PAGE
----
It’s one of those days with a vexing heat index but biking on the shaded Newport News Park Trail, only a 3-hour drive from D.C., instantly transports you to a more temperate climate, complete with deer placidly feeding in the woods. The 5.3-mile, hard-packed gravel loop is rideable for most anyone, and even crosses into the Colonial National Historic Park, where you can stop to view a placard noting the site of George Washington’s headquarters during the Revolutionary War.

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When in doubt, hug the lake./Susan Kim

For more experienced mountain bikers, the Lake Maury Natural Area Trail offers a single-track, root- and switchback-filled route that’s classic intermediate riding. When you’re on the maze-like trail, remember: you might not know where you are, but you’re never lost! Just keep hugging the lake. Mapped as a five-mile trail, you could easily eke a 10-mile ride here by taking some side trails or re-practicing some of the jumps to upgrade your skills.

A note for runners and hikers: Either of these trails provides a shaded loop on foot, as well as beautiful fall foliage in a month or so.

Parking tips

Newport News Park Bikeway Trail. Park behind the campsite office at 13564 Jefferson Ave. Follow the paved road into the campground, then follow signs for the clearly-marked bike loop.

Maury Natural Area Trail. We GPS’d our way perfectly to the intersection of Gatewood Road and Warwick Boulevard, where there is a small gravel parking lot next to the trailhead.

New trail maps

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On the Newport News Park Trail, enjoy the serenity./Susan Kim

Besides the two trails we tried, there are many other bike trails in the Newport News area, from advanced-level mountain biking to short road rides. New online maps and descriptions (newport-news.org/visitors/about-our-city/bike-trails) are immensely helpful in evaluating what’s best for you and then navigating your way there.

After biking, what else but bourbon?

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From the ice to the bourbon to the founding family, everything at Ironclad is thoughtfully artistic./Susan Kim

Still warm from your ride, find your way to Ironclad Distillery. Housed in the S.W. Holt & Co. warehouse built in 1913, simply opening the door takes you back in time.

The day we visited, Kara King, daughter of the family-owned distillery’s founder, was serving the signature Ironclad small-batch bourbon on the rocks. Each ice cube — which comes from another Newport News small business, Chisel & Shaker — is a beautiful small sculpture in your glass, and the bourbon is simply wonderful, immediately soothing any pain you inflicted on yourself from over-ambitious tricks on the bike trail. If you visit in late fall or winter — and we will — this bourbon will also makes an excellent post-ride warmer.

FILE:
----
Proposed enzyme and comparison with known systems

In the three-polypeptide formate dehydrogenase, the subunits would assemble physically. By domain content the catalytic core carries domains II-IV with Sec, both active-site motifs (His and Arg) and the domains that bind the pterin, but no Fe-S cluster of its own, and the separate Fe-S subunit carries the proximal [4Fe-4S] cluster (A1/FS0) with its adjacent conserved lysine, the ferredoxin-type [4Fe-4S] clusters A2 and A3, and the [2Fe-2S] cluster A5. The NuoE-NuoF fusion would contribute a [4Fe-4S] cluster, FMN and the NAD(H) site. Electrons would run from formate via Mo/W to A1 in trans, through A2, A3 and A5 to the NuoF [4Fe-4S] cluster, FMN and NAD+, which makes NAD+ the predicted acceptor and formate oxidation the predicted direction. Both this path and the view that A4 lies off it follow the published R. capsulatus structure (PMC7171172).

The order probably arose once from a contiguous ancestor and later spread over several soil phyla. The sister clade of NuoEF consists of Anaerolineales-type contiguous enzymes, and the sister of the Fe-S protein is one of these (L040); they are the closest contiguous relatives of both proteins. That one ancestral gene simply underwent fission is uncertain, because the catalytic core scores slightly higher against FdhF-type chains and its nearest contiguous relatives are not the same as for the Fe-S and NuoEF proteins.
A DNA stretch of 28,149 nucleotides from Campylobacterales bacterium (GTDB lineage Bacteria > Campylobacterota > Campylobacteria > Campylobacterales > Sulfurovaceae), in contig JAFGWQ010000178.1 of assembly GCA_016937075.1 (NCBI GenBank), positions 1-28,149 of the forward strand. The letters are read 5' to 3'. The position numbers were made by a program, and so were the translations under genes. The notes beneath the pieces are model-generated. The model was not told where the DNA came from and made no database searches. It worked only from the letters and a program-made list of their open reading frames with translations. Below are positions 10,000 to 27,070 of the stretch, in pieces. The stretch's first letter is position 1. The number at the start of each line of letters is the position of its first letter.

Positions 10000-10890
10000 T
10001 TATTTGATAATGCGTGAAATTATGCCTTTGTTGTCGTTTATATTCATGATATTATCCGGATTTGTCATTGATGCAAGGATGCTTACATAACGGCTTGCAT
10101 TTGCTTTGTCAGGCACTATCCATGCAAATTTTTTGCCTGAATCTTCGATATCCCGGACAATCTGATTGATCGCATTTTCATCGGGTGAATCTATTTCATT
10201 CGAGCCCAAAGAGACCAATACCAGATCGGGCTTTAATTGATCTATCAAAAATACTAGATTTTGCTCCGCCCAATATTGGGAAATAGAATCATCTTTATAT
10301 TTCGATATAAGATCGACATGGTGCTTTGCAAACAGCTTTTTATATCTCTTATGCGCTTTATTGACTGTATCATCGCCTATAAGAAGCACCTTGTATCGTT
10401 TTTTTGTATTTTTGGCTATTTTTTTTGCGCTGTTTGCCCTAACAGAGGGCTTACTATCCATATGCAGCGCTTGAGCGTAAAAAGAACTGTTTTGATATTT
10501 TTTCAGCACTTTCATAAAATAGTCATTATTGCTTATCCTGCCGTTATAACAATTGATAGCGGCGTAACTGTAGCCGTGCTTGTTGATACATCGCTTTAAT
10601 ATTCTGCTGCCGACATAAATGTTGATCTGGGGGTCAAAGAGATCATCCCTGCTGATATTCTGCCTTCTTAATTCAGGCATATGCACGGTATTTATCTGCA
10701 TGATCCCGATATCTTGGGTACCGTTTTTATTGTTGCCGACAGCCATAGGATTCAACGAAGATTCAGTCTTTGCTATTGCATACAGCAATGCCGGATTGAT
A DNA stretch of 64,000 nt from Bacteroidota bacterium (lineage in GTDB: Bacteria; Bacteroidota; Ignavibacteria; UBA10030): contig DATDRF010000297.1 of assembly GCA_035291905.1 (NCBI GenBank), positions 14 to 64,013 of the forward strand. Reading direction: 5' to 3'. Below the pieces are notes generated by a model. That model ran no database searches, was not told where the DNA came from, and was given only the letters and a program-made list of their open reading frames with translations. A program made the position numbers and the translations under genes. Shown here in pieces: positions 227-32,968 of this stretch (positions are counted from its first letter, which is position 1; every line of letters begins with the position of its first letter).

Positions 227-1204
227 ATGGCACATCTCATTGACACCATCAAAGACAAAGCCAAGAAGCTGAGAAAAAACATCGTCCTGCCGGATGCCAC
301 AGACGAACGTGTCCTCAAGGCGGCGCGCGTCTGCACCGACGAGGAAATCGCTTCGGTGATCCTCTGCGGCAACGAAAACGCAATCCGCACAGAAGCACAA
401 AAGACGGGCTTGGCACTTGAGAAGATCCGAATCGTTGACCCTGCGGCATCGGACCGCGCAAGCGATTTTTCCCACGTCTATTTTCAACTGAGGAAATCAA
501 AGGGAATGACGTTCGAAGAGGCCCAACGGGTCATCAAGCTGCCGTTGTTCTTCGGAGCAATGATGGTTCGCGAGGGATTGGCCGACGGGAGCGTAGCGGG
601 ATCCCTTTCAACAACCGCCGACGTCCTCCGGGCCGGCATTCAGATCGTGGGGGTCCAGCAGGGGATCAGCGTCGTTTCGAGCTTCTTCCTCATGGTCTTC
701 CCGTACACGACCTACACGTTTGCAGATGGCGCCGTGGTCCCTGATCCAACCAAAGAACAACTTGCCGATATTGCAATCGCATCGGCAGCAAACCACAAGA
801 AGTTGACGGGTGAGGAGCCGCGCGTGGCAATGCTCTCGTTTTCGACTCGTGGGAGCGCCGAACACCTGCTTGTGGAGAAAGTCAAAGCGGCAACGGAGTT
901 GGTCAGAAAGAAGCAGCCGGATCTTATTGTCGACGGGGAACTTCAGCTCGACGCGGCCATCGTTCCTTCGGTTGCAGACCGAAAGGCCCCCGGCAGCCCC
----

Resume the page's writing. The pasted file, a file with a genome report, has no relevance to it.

Ironclad’s grains-to-glass approach means you’re supporting local Virginia farmers every time you sip. And, if you gently peel back the label on a bottle of Ironclad, you’ll find a blueprint of one of the original ironclad ships, the U.S.S. Monitor. This unique bottle would make an excellent hostess gift for Thanksgiving (if you can manage not to drink it yourself before then).

3 Barrels 3 Cities

Ironclad is part of a new “3 Barrels 3 Cities” trail that also includes the Vanguard Brewpub & Distillery in Hampton, and Blue Sky Distillery in Smithfield.

At Vanguard, housed in Hampton’s historic former armory, try the Caiseal spirits, alone or in a cocktail. (Caiseal, pronounced “cash-ul,” is a Gaelic term for “ring fortress.”)

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Peel back the label of Ironclad bourbon to reveal a blueprint of the U.S.S. Monitor./Susan Kim

At Blue Sky, don’t let the small space fool you: the distillery continues to rack up international and regional awards, and has a “give back” mentality with community contributions and events, often benefitting animal shelters.

Ask for your “Toast the Coast” pocket guide at any of the three distilleries. As you visit, be sure your server stamps your guide. Then, when you have earned three different-color stamps, stop by the Newport News Visitor Center (or find other participating centers here toastthecoastva.com/3-barrels), to pick up the prize you’ve earned — a tasting glass!

Where to stay

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Susan Kim

For outdoor enthusiasts and bourbon tasters, the Holiday Inn Newport News at City Center offers a great home base that’s central to the bike trails and distilleries. For runners, map your way from the hotel and enjoy an exploration run around the fountain at City Center at Oyster Point. Then, as a bonus, you can walk to City Center Ice Cream to restore all the calories you’ve burned biking and running.

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